If you were looking for a formula to have an ultra-successful 2006, apparently the answer was one of the following:

  • Buy China (up 107%)
  • Buy India (up 49%)
  • Buy Russia (up 51%)

The thing is, you could list nearly any diversified emerging market and you'd have beaten the performance of nearly every developed market. In fact, the only one that failed to beat every emerged market in 2006 was Chile, which turned in gains of "only" 30%. But if you held some of the firms like China's American Oriental Bioengineering (NYSE:AOB) or Russia's Wimm-Bill-Dann (NYSE:WBD), you won big.

In fact, if you take the stock charts of the main indices of Brazil, China, and Russia and lay them over one another, the similarity between them is striking. They have each gone up similar percentages in similar patterns, with deep correlation between them, and not only because each of these economies sells to the West. Each has risen nearly threefold, and, frighteningly, emerging market debt now trades close to that of developed markets.

These charts also bear a close resemblance to the Nasdaq circa 1999. Clearly, just like with the tech stocks, the hard landing is coming because we're no longer considering risk. Maybe the drop comes this year. After all, given the potential continued weakness of the U.S. dollar, emerging markets are no place to hide. 2006 was just like 1999. Therefore 2007 will be just like 2000, with some absolutely pulverizing losses. Right?

Of course, the short term is a different story
The answer is "maybe." The reality is that, unlike the Amazon.coms (NASDAQ:AMZN), InfoSpaces (NASDAQ:INSP), and CMGIs (NASDAQ:CMGI) of 1999, the emerging markets have been generating truckloads of profits. And lest we forget, these companies turned out to be Internet-age successes. The losers from 1999 turned out shareholder pain of the kind we'd soon like to forget.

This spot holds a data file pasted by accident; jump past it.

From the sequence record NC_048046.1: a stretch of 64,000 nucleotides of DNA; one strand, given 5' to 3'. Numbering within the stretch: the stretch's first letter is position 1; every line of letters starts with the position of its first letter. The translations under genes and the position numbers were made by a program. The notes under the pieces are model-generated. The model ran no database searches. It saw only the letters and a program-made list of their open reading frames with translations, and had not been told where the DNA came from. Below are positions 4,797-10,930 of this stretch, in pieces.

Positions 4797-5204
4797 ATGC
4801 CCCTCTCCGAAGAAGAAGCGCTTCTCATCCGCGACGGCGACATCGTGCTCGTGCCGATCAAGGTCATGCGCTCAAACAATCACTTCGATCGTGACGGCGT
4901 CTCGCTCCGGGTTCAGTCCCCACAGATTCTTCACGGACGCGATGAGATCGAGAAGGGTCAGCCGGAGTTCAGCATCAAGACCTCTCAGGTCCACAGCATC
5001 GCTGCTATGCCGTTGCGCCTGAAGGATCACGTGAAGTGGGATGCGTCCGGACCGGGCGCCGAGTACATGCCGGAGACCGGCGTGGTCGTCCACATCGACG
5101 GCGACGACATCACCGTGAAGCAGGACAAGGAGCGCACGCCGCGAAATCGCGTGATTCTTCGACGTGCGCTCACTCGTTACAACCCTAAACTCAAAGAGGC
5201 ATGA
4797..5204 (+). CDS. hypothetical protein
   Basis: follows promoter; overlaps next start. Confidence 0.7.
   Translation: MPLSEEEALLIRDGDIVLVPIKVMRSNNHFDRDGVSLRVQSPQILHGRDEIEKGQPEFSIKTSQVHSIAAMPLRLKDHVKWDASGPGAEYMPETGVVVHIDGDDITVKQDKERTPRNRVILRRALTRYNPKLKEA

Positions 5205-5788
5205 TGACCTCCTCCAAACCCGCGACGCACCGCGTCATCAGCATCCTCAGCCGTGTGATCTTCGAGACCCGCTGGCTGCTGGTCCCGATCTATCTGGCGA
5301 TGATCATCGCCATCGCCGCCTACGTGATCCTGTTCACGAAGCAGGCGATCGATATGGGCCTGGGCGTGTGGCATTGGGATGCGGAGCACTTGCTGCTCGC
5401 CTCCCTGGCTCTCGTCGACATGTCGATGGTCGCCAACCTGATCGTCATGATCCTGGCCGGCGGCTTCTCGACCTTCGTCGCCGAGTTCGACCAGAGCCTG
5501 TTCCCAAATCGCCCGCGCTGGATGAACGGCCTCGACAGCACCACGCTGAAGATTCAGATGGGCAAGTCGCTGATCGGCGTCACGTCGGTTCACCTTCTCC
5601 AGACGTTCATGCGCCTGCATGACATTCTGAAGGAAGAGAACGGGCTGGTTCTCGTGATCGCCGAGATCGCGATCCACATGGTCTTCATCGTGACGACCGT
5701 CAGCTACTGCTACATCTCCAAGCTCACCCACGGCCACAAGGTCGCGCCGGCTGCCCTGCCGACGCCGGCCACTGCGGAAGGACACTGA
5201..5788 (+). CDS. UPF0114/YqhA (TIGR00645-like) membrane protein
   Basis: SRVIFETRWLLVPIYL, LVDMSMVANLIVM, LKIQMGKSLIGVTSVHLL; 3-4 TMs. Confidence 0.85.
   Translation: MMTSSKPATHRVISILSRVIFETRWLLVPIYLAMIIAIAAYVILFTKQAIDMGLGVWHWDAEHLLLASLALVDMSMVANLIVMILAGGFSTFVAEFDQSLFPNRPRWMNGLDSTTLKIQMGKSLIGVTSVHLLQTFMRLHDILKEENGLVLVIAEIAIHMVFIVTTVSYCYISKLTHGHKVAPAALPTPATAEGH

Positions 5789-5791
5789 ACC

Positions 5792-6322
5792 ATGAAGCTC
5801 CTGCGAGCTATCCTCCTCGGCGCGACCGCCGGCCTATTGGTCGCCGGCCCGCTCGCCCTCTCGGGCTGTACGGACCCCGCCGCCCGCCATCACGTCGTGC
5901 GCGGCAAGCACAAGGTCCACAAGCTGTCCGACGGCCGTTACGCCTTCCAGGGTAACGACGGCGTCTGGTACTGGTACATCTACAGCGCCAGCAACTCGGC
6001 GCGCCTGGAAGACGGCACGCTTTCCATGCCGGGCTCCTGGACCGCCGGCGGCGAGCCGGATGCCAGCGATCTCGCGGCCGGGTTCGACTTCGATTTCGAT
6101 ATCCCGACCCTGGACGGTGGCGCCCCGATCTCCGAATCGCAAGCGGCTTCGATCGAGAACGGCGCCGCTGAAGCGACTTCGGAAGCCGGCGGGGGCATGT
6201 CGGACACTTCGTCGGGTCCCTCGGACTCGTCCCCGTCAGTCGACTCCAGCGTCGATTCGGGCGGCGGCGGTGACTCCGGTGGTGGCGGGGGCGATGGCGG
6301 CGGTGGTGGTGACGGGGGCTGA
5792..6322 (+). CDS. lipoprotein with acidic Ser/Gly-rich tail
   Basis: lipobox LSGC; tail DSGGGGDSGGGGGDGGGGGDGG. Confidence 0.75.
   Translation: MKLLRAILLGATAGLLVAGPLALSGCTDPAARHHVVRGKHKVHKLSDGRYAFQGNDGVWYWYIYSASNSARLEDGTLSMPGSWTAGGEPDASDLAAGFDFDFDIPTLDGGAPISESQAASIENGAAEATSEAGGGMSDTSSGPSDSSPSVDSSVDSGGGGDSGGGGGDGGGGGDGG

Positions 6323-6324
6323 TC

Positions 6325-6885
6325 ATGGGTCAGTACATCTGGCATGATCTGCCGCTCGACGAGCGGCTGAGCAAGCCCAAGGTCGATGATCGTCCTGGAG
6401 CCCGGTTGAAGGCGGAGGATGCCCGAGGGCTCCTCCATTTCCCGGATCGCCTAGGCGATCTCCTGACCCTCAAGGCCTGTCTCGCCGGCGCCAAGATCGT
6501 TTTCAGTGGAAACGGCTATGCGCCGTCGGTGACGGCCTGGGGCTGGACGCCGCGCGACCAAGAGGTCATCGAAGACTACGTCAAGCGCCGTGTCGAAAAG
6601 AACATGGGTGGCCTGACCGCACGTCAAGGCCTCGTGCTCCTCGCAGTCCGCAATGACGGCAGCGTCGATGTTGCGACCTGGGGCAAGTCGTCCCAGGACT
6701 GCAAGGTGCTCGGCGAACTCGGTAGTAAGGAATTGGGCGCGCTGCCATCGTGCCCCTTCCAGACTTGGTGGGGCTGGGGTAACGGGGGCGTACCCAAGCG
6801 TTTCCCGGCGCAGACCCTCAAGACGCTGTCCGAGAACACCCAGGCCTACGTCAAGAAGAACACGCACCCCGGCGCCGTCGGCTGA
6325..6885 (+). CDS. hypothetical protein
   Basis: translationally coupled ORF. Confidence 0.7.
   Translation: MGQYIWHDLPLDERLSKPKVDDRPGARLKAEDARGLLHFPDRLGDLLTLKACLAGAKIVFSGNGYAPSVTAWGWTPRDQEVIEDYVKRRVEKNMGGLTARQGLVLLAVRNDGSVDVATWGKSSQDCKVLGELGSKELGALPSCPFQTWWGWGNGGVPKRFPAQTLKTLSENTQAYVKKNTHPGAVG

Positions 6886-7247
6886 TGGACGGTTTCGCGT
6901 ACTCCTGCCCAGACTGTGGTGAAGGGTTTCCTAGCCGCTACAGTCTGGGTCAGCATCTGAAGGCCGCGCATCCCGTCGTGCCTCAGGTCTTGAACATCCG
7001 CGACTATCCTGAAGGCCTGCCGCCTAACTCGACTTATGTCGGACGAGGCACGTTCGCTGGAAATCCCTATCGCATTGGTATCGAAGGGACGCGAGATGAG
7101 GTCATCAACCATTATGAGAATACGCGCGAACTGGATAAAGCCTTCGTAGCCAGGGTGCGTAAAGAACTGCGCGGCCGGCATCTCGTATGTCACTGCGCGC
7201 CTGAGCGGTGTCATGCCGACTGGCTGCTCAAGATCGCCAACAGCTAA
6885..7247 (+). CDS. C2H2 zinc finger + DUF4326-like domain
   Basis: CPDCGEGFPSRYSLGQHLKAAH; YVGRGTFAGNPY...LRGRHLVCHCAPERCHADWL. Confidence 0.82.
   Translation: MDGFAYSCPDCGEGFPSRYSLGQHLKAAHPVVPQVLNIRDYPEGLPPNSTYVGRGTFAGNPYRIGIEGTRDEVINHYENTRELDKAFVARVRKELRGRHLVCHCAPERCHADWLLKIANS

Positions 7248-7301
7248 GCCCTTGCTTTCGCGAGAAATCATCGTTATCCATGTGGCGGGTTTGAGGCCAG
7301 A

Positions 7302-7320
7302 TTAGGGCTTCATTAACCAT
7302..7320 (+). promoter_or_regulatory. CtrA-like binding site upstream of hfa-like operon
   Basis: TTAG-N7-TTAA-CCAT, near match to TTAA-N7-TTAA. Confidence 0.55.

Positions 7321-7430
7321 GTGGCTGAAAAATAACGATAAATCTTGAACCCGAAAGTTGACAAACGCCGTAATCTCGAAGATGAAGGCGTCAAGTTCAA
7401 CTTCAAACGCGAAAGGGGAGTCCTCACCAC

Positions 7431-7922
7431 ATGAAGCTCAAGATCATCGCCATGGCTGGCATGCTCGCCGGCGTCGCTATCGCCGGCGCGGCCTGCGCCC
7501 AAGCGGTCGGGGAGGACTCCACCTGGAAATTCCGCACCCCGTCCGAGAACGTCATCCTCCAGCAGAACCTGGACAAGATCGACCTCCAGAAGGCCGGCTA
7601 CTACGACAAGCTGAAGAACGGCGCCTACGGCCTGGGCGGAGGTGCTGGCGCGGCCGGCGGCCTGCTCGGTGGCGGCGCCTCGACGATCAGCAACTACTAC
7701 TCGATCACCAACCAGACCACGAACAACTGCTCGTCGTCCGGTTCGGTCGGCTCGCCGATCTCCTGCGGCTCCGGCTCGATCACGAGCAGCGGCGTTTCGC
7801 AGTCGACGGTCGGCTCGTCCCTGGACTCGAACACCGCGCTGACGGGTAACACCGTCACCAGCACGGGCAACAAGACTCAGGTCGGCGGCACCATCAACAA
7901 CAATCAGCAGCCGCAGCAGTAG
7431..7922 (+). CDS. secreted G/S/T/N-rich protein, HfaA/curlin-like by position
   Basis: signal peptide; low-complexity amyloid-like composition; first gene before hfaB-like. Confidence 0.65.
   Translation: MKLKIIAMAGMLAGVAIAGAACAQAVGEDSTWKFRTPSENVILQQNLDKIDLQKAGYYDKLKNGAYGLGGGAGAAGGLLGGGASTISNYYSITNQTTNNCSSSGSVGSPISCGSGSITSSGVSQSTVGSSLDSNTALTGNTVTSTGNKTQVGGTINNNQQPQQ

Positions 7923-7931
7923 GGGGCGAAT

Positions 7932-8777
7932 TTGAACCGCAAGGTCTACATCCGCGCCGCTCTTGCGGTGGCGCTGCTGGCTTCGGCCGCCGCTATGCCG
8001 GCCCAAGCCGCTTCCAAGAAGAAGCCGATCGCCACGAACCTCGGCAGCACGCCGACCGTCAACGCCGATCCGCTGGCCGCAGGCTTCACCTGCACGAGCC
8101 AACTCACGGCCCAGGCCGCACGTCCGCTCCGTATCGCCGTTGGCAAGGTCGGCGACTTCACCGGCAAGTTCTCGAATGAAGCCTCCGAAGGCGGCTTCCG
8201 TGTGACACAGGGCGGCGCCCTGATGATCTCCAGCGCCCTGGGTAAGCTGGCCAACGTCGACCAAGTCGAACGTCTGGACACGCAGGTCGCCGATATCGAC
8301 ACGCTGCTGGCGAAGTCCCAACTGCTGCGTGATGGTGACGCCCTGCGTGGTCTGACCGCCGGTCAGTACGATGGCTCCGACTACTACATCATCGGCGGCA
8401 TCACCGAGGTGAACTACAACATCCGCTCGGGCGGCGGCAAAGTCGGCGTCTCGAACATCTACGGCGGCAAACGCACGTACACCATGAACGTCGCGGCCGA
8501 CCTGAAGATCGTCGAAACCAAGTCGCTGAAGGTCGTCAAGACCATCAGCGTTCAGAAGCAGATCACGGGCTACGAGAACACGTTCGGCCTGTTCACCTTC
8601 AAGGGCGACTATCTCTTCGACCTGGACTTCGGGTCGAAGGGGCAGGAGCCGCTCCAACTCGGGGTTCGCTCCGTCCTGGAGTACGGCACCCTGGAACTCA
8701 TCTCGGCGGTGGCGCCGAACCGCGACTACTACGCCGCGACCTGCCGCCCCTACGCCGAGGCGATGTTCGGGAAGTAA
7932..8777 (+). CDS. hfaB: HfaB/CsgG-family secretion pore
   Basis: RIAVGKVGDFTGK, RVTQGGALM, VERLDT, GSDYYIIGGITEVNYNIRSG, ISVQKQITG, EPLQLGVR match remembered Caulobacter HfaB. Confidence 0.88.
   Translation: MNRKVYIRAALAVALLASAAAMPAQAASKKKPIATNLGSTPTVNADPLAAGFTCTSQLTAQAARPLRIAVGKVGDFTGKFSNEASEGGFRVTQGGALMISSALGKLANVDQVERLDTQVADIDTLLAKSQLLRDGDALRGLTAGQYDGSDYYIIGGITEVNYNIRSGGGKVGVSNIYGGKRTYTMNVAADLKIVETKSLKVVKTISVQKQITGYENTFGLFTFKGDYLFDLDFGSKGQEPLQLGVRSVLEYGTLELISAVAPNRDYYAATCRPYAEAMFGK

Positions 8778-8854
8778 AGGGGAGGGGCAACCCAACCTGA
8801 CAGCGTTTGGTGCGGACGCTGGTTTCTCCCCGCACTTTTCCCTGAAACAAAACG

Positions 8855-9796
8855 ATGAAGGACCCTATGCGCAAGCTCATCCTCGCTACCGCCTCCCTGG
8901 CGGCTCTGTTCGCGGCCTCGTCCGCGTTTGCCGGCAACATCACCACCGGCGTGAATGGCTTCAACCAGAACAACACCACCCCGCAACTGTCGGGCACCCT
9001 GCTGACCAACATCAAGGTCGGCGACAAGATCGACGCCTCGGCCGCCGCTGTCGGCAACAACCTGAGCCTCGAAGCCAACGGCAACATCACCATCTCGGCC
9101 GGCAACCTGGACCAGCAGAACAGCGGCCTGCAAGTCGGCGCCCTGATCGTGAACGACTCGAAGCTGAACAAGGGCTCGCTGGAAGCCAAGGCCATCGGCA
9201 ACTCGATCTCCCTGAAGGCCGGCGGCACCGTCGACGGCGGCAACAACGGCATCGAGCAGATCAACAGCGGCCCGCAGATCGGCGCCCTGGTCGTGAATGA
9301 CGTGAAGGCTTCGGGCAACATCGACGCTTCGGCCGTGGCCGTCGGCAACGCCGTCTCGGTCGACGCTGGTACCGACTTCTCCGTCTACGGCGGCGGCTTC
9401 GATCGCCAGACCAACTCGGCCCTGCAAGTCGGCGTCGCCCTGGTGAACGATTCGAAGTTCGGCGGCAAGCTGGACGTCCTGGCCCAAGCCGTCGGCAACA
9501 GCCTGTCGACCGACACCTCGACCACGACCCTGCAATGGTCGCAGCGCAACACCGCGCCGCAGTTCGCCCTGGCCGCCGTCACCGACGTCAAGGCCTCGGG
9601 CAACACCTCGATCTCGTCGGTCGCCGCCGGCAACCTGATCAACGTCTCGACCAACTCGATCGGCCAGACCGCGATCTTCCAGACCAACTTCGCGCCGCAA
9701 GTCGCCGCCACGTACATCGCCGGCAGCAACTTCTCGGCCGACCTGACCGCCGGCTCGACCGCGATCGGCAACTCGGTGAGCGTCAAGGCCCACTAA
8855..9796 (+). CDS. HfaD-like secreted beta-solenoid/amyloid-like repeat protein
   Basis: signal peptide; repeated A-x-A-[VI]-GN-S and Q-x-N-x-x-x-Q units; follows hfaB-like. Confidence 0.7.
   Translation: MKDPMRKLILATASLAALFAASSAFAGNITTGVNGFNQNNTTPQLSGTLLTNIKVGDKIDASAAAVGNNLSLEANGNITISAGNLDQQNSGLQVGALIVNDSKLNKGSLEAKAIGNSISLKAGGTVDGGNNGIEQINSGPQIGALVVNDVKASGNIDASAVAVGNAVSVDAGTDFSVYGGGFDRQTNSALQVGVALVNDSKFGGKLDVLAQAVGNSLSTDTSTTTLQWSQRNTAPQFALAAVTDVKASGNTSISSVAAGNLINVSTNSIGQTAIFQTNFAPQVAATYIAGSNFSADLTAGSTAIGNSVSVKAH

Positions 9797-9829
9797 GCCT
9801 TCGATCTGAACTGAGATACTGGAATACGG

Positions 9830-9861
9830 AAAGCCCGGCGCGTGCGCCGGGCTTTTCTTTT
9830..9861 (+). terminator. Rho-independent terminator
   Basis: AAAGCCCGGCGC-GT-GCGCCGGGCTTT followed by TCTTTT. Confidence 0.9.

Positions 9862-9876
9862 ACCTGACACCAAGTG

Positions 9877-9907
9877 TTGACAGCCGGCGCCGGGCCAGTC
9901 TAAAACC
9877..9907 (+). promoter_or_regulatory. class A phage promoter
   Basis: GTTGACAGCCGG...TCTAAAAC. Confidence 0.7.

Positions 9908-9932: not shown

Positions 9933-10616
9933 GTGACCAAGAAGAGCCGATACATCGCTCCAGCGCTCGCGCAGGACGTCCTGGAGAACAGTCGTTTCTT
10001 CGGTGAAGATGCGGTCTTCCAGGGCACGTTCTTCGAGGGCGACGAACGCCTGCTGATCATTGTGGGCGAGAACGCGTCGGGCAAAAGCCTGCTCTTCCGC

Compare this to the emerging markets, and you can honestly say, "This time is different." Yes, stock multiples have expanded, but their earnings have surged as well. Emerging market stocks as a group don't trade at triple-digit P/Es like tech stocks did, when you could measure using earnings in the first place. Instead, a survey across emerging markets show some stocks that are quite cheap: Brazil's Petrobras (NYSE:PBR) has failed to keep up with a surging market, but doesn't even qualify as the cheapest stock in the country, which may fall to such opportunities as Tele Norte Leste and Sadia.

The problem is that when developed economies get the sniffles, emerging markets get full-blown influenza. This is why I say "maybe."

In May, the now-well-forgotten downdraft in the U.S. markets caused the Indian stock market to collapse. It recovered, of course, but not without scaring investors there to death. For some, literally so.

Unfamiliar territory? Try a guide
While I believe that there is a great probability that people pouring into emerging markets now will see some disappointment, there are values in many of these places, if you know where to look.

The opportunities and difficulties in overseas investing were the reason that The Motley Fool founded its Global Gains investing service. Each month we sift through thousands of companies overseas, in markets as diverse as Papua New Guinea and Switzerland. Most importantly, we're patient. If you'd like some help finding international stocks, click here to take a 30-day free trial to Global Gains. There's no obligation to subscribe, but our hope is that you'll stick around to discover with us what the world has to offer.

Global Gains advisor Bill Mann owns shares of American Oriental Bioengineering, but no other company mentioned. Amazon.com is a Motley Fool Stock Advisor recommendation. Sadia is a Hidden Gems pick. The Motley Fool has a disclosure policy.